Addressing Chauvin in the courtroom, Floyd said he has some questions.
"Why? What were you thinking? What was going through your head when you had your knee on my brother's neck?"
He then took a moment to compose himself, after growing emotional.
He went on to describe how, in one of his last conversations with his brother, they had been planning playdates for their daughters.
Asking for a maximum penalty against Chauvin, Terrence Floyd said there should be "no more slaps on the wrist."
Philonise Floyd, who has become an outspoken advocate for his brother after his death, then told the court that he has relived Floyd's death repeatedly in the past year. He no longer knows what it feels like to get a full night's sleep, he said.
"My family and I have been given a life sentence" to live without George Floyd, Philonise Floyd added.
Chauvin's mother says she supports her son "100 percent"
Chauvin's mother, Carolyn Pawlenty, spoke in court on his behalf and for her entire family, she said.
All their lives changed forever the day Floyd died, Pawlenty said.
Her son is not an "aggressive, heartless and uncaring person," or a racist, she said. "My son is a good man," Pawlenty said, noting his years of dedication to being a police officer.
Saying that she supports her son 100 percent, she added that the past year has taken a toll on him.
"When you sentence my son, you will also be sentencing me," Pawlenty told the judge. She noted that if her son serves a long prison term, his parents may not be alive when he is released.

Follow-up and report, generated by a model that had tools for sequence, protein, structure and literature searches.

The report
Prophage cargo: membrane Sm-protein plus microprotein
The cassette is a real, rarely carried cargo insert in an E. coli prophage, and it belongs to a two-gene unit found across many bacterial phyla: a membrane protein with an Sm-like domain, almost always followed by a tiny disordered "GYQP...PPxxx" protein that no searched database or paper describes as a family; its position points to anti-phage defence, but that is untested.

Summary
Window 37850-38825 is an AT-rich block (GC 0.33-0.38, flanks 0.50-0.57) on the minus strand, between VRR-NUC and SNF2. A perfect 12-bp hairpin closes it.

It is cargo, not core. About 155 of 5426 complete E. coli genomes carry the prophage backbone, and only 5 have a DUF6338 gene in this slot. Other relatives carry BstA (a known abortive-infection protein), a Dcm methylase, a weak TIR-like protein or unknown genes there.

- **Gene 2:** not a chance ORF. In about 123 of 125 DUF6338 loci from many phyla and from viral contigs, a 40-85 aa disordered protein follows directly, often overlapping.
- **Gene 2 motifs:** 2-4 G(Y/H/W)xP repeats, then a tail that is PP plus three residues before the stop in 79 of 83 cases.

Addressing Chauvin, Pawlenty said she is on his side and told him to be strong.
"Remember you are my favorite son," she said.
Lawyers argued over aggravating factors
Minnesota guidelines called for Chauvin to be sentenced to around 12 1/2 years for second-degree unintentional murder, given his lack of prior criminal history. But state prosecutors pushed for a 30-year term, saying Chauvin "acted with particular cruelty," among other aggravating factors in the case.
The prosecution also cited Chauvin's abuse of a position of authority and Floyd's killing in front of children and other witnesses, saying his punishment requires an "upward departure" from the guidelines. Cahill agreed, saying that aggravating factors had been proven beyond a reasonable doubt.
Eric Nelson, Chauvin's defense attorney, asked for Chauvin to be sentenced to probation along with time already served, saying that Chauvin, 45, would likely be a target in prison. He also says that with the support of his family and friends, Chauvin still has the potential to be a positive influence on his community.
Chauvin was found guilty of unintentional second-degree murder, third-degree murder, and second-degree manslaughter. But he's being punished only for the most serious charge: second-degree murder while committing a felony. In Minnesota, a person convicted of multiple crimes that happened at the same time is typically only sentenced for the most severe charge.
Chauvin also faces federal charges
Weeks after Chauvin was found guilty of murdering Floyd, the Justice Department announced federal criminal charges against him and three of his fellow former officers over Floyd's death.
A federal grand jury indicted the four on charges of violating Floyd's civil rights, with Chauvin accused of using excessive force and ignoring the medical emergency that ended in Floyd's death.